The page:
The introduction of  Eva (Nectar Rose)into the picture turns the story again. She like "The Girl" before her is a nymph, playfully enticing Roman out of his shell. Where roman was the obsessed one with the girl this interaction with Eva brings all kinds of feeling that make his uncomfortable. The use of close up in these interactions is very effective when combined with Roman's expressions to relay his discomfort, yet attraction. bringing back the dreamy shot of sparks and a face, but this time with Eva as the face reminds us how women dig themselves into his damaged psyche. We are being setup here, rebooting if you will. The second act is about the new relationship, a chance for Roman to succeed where once failed. He will struggle with not wanting to put his foot into the water again but boy she is persistent. He still is trying to hold onto "The Girl" while slowly being drawn in by Eva.
  He also must come to terms with his mistakes of the past. To let go of the past and fully embrace his possible future with Eva. This is his struggle and his solution is one that seems to work for him. Little by little the past is discarded and he learns to know and love Eva more and more. She although an energetic and loving person, has feeling as dark as his. She is both  a way to a future for Roman and a reflection of the darkness inside him.They of course must have some conflict to move their relationship forward and it is her private obsession reminds him of "The Girl" way too much to tolerate. There fight is also an opportunity for Roman to grow and he does just that finally making the decision to let the past be the past. To move on and try to reestablish something with Eva.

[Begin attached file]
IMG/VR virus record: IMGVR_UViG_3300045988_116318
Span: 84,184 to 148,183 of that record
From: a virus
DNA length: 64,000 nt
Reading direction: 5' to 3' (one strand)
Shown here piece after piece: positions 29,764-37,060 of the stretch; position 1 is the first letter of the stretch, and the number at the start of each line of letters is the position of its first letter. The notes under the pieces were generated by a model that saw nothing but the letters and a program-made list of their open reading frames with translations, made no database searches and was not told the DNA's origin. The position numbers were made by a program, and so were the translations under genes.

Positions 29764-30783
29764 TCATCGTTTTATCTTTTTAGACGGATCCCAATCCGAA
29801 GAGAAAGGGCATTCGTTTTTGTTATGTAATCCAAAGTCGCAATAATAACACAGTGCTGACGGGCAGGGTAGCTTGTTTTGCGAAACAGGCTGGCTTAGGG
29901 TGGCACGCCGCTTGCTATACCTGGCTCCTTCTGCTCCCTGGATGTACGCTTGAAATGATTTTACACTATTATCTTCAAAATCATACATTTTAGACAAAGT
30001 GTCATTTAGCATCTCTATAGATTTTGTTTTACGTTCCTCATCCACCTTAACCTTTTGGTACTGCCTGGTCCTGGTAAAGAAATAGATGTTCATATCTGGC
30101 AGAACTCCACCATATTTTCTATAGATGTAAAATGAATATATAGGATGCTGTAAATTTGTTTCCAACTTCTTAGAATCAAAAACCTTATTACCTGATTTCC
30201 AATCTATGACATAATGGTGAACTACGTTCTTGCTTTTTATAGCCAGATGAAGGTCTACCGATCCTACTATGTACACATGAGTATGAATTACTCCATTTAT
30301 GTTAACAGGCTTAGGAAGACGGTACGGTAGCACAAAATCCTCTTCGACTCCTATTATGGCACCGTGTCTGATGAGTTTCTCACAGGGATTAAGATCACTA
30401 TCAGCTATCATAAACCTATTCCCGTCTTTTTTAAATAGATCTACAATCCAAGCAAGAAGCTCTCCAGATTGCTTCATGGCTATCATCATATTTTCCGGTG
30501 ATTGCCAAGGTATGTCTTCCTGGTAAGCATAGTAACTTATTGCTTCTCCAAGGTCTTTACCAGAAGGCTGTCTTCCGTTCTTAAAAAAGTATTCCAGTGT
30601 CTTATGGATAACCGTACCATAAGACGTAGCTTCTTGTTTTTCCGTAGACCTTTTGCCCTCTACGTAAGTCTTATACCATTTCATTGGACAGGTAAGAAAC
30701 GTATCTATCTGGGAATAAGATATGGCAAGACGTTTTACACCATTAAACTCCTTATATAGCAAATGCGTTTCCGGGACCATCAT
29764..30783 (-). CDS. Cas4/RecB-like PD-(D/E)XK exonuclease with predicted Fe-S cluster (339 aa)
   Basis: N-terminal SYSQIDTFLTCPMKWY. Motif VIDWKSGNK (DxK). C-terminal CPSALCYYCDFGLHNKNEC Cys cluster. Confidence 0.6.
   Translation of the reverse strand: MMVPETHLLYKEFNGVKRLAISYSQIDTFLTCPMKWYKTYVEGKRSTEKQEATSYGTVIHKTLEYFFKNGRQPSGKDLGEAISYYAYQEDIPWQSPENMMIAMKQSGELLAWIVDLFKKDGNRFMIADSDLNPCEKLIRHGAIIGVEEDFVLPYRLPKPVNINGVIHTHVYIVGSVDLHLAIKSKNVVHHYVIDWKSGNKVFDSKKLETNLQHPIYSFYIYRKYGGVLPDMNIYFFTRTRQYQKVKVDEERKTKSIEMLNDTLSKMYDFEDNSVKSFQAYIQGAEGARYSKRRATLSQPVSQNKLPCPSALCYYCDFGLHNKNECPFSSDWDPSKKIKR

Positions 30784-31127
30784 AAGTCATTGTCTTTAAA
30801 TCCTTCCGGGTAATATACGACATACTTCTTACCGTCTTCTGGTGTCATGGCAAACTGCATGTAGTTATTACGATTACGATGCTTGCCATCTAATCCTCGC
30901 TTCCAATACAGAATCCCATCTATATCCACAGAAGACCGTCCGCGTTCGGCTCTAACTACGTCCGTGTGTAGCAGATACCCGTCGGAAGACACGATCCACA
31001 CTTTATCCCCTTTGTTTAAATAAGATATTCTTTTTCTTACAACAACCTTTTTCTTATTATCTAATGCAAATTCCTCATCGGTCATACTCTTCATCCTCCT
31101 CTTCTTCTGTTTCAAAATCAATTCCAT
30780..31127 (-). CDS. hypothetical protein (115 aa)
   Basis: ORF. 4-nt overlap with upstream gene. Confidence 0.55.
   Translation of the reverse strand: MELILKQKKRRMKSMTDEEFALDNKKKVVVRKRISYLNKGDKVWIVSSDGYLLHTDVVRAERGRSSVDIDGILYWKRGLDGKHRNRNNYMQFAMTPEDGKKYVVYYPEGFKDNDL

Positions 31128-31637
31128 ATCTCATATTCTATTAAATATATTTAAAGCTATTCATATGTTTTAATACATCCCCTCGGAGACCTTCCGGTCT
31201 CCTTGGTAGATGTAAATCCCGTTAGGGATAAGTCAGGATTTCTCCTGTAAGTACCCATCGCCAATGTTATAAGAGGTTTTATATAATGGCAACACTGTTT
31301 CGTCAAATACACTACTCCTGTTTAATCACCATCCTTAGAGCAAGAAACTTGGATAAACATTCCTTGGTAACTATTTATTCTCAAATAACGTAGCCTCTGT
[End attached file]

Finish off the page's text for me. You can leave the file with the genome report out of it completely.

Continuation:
The final act is surprising even though if you had paid attention you would have seen it properly foreshadowed. Roman come out of his shell and begins to live. Eva is just the right medicine for him and then the final turn completes what is a wonderfully sad story about love , love lost, love and ... well you get the picture and not go see this movie.
  Lucky McKee is plays the awkward protagonist well, his tall lanky body fits enhances his innocence, and clumsiness with women well. Both women are significantly smaller in stature and juxtapose his size well. Both women are excellent in there roles as muses to lighten Roman's world. As stated earlier the rest of the cast seemed less accomplished and took  away from the story in the small parts they played. Angela Bettis keeps this quiet story tight and quiet, probably how it should be constructed. The use of close up and flashbacks are effective throughout the film. It is a well done job on her part. You will have to excuse the one out of place comedy piece in the film, whether intentional or not it did not fit.
  Roman is certainly a dramatic horror piece that should be seen and you should seek it out. He is a flawed man who Like Steinbeck's Lennie he must meet the consequences of his actions even if they were committed without harmful intent. All acts are paid for in the end as the crowd gathers at Eva's apartment, symbolic of George telling Lennie about the rabbit before his end and Lennie responding "Let's go there, let's go there now.